Picture these two people: one is a wealthy Hollywood studio executive looking to film another Disney blockbuster and add to the billions in revenue for his company, the other is a single mother wanting to buy a Disney movie from the discount bin for her child’s birthday.
Which one does Gov. Perdue think deserves a tax break, and which one does Perdue think should pay more taxes?
Last week’s headlines cleared up any doubt about the answer.
According to news accounts, the N.C. Film office reported that 2011 was perhaps a record-setting year for television and movie production in our state. One of the main reasons: a generous tax break offered to production companies. Indeed, Perdue not only whole-heartedly supports these breaks, she wishes she could extend even greater tax breaks to Hollywood millionaires.
According to Perdue, North Carolina’s Hollywood tax breaks do “not go far enough,” and “the people of North Carolina understand that when you bring in an Academy Award winner as an actor or an actress, you’ve got to pay them.”
And just who is the “you” Perdue refers to when insisting someone needs to pay more so that poor-old Robert Downey, Jr. can have a little more walking around money?
Enter our single mother at the discount bin.
The day after the media announced the Tar Heel tax break bonanza for Hollywood big shots, Perdue declared her desire to suck another $750 million from the pockets of struggling North Carolinians courtesy of a sales tax hike. Perdue downplayed the cost imposed on citizens living paycheck to paycheck and in fear of losing their job as just chipping in “a fraction of a penny for progress.”
Political observers must be scratching their heads and muttering aloud “what is she thinking?” For the sitting Governor of a state struggling with unemployment hovering well above the national average, floating the idea of a three-quarters of a billion dollar tax hike while at the same time championing ever larger tax breaks for millionaire actors and billion-dollar movie studios is mind-numbingly out of touch.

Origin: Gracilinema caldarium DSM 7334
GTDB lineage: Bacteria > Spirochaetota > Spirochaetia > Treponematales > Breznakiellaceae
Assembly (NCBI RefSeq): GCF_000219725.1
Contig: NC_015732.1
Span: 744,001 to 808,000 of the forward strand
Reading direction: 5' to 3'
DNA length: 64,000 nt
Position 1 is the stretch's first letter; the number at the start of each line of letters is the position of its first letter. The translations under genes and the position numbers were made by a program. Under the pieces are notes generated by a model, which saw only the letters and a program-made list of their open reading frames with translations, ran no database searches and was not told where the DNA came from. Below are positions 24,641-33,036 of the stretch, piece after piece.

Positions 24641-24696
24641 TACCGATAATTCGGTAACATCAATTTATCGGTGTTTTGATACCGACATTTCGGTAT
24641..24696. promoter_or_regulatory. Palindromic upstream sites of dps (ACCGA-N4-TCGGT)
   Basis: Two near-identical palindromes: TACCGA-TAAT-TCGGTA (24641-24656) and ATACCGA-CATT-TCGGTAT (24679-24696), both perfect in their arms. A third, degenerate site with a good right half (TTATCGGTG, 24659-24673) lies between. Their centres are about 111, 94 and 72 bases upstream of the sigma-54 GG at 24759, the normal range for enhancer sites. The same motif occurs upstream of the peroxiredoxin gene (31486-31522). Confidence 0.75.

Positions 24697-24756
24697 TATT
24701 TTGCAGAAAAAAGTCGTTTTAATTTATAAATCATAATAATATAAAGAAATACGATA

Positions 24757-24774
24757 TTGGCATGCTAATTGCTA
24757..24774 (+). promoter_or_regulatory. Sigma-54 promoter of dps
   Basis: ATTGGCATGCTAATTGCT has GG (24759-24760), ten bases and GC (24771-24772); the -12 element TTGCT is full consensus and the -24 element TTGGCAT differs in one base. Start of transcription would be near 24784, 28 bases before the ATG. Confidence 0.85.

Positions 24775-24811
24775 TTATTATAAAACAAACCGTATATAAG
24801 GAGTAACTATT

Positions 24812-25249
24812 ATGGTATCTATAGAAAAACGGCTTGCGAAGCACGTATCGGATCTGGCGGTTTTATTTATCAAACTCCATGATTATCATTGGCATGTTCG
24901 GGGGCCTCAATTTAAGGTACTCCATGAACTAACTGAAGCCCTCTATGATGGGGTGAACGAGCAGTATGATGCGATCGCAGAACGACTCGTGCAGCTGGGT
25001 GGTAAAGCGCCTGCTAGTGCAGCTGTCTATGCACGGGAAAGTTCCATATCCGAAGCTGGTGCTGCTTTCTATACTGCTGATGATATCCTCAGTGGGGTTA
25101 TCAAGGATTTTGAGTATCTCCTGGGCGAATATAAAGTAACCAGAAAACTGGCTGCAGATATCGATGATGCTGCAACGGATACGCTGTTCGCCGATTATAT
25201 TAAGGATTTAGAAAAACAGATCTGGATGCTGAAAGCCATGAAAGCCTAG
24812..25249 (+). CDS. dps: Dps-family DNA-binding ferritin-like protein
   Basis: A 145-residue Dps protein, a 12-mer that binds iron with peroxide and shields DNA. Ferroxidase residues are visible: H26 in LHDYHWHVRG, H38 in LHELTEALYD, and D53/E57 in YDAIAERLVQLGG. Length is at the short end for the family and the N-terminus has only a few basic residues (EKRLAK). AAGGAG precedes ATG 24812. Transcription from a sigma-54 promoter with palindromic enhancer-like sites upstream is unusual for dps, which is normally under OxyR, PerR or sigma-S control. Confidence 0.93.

The Governor’s efforts to brush off the sales tax increase as merely a “fraction of a penny,” and thus something nobody will notice, is more evidence of Purdue’s cluelessness. On the surface, it doesn’t seem like much, but some back of the envelope calculations suggest the impact of a sales tax increase on the average household would be noticeable. A $750 million tax increase divided by roughly 3.5 million North Carolina households works out to $214 per household. That equates to, for example, about 60 gallons of gas at current prices – enough fuel to get a person to work and back for 15 weeks (assuming an average one-way commute of 10 miles). For working families watching every dime in their budget, that’s no trivial sacrifice.
Compare that proposal with Perdue’s support of extending even more tax breaks to Hollywood studios. Two of the primary beneficiaries of the film tax breaks last year were Marvel Studios and New Line Cinema. These companies are subsidiaries of entertainment industry goliaths Disney and Time Warner, respectively. Time Warner’s 2010 revenue totaled $27 billion. The Walt Disney Company tallied 2010 revenues of $38 billion – roughly twice the state of North Carolina’s total state revenue for the 2011 fiscal year. What difference does a tax break of a few hundred thousand dollars make in their livelihood?
Amazingly, Gov. Perdue wants to raise the amount we pay when buying clothes for our children or that discount Disney movie in order to help balance her budget plan.
But filthy rich movie stars and multi-billion dollar movie studios? The Guv says give them a break. All in the name of “progress,” of course.
This fall, Perdue will face a re-election and voters will choose sides at the ballot box. Perdue has clearly shown where her allegiances lie. Will the voters follow?